Free with Museum Pass
Arthur Boyd’s series Love, Marriage and Death of a Half Caste, more commonly known as the Brides, was painted between 1957 and 1960 after Boyd travelled to Central Australia. It represents a defining achievement in both the artist’s career and in Australian art of the twentieth century. A milestone in the advancement of local modernism and its humanist themes, the series offers a critique of Australia’s racial divide in the form of an invented love story.
The two main protagonists in the allegory—an Aboriginal man and his mixed-race bride—face the trials of a love thwarted by both personal and cultural conflict. They embark on a metaphorical journey that is traced symbolically through complex imagery denoting cyclical growth, decay, and renewal.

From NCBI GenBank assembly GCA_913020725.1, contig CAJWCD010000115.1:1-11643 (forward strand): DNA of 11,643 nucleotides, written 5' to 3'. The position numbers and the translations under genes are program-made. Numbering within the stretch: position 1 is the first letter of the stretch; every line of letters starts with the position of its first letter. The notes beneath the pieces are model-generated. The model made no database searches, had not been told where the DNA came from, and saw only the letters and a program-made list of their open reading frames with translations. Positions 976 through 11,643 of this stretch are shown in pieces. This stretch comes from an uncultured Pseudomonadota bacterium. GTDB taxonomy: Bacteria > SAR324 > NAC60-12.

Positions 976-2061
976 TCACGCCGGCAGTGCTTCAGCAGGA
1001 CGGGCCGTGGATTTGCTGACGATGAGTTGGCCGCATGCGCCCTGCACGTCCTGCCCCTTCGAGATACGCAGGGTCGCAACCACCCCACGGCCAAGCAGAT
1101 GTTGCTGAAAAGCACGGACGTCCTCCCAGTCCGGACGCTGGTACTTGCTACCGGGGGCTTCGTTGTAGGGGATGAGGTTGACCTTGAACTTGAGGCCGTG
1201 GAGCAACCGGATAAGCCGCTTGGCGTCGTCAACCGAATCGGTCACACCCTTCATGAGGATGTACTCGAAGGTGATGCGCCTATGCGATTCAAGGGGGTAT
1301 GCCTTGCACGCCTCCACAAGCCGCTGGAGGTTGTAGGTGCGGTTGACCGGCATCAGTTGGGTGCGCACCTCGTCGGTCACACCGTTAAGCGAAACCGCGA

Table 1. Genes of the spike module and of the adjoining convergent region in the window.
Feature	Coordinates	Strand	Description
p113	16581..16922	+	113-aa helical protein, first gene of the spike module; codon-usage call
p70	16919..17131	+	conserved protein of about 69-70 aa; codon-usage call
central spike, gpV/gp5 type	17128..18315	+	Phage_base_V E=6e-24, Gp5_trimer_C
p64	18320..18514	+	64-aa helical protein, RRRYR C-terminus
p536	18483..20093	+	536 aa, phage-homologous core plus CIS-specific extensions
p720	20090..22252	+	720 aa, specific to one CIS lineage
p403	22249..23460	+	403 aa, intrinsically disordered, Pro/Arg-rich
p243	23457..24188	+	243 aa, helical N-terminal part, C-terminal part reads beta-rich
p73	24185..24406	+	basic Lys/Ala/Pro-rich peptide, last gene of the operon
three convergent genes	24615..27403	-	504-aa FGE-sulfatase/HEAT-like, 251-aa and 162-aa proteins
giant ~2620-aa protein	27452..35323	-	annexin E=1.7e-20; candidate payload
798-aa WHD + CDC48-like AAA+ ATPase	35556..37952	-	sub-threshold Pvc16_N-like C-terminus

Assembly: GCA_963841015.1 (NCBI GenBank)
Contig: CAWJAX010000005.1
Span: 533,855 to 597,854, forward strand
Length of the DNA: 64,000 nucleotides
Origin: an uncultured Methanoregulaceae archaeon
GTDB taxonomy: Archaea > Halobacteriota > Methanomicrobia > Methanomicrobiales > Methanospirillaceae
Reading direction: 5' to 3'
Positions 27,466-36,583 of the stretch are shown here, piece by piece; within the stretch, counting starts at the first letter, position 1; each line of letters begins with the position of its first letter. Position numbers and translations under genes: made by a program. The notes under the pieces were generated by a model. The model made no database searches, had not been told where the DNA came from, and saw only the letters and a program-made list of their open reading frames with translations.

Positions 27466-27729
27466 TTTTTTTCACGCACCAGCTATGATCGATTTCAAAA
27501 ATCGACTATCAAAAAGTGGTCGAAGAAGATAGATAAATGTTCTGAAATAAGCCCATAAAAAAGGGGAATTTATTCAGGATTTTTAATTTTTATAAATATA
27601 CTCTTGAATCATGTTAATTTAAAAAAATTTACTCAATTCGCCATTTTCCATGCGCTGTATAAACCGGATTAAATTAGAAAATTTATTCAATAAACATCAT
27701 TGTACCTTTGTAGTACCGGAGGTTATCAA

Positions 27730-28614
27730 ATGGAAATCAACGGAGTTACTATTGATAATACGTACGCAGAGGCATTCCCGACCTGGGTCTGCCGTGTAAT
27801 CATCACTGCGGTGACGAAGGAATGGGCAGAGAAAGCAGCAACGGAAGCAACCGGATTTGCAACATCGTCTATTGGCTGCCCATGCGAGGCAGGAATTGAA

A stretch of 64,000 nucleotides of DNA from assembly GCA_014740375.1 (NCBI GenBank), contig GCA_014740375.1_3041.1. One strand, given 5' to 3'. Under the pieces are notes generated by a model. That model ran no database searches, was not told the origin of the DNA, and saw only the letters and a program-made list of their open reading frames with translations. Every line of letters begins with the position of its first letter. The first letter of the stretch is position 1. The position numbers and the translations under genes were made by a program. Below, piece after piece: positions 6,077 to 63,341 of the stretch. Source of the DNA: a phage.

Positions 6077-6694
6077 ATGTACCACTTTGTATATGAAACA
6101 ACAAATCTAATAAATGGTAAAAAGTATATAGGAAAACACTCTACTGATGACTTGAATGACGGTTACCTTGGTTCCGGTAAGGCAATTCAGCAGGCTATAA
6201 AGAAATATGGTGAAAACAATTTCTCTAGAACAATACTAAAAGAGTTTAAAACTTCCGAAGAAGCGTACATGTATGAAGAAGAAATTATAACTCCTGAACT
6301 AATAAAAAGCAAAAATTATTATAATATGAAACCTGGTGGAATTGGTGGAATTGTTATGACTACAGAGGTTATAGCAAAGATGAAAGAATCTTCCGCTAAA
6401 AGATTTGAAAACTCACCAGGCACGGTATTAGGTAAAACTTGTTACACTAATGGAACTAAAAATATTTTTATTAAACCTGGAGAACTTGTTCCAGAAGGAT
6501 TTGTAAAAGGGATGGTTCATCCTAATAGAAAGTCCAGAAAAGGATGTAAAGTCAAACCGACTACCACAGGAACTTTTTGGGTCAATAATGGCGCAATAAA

The Brides were produced in stages, with the initial sequence exhibited in Melbourne at Australian Galleries in 1958, then again with new additions at Zwemmer Gallery, London, in 1960. The series earned Boyd critical acclaim but was gradually dispersed across public and private collections around the world. In recent years many of the works have returned to Australia, providing an unprecedented opportunity to reunite them. Heide’s exhibition will present the core paintings of the series shown at the initial 1958 and 1960 exhibitions and related drawings and ceramic pieces alongside them.
In the News
Arthur Boyd’s Brides paintings reunited at Melbourne’s Heide Museum
Sasha Grishin, Sydney Morning Herald, January 30 2015
Heide launches biggest exhibition of Arthur Boyd’s Bride paintings ever seen
ABC Radio National, December 3 2014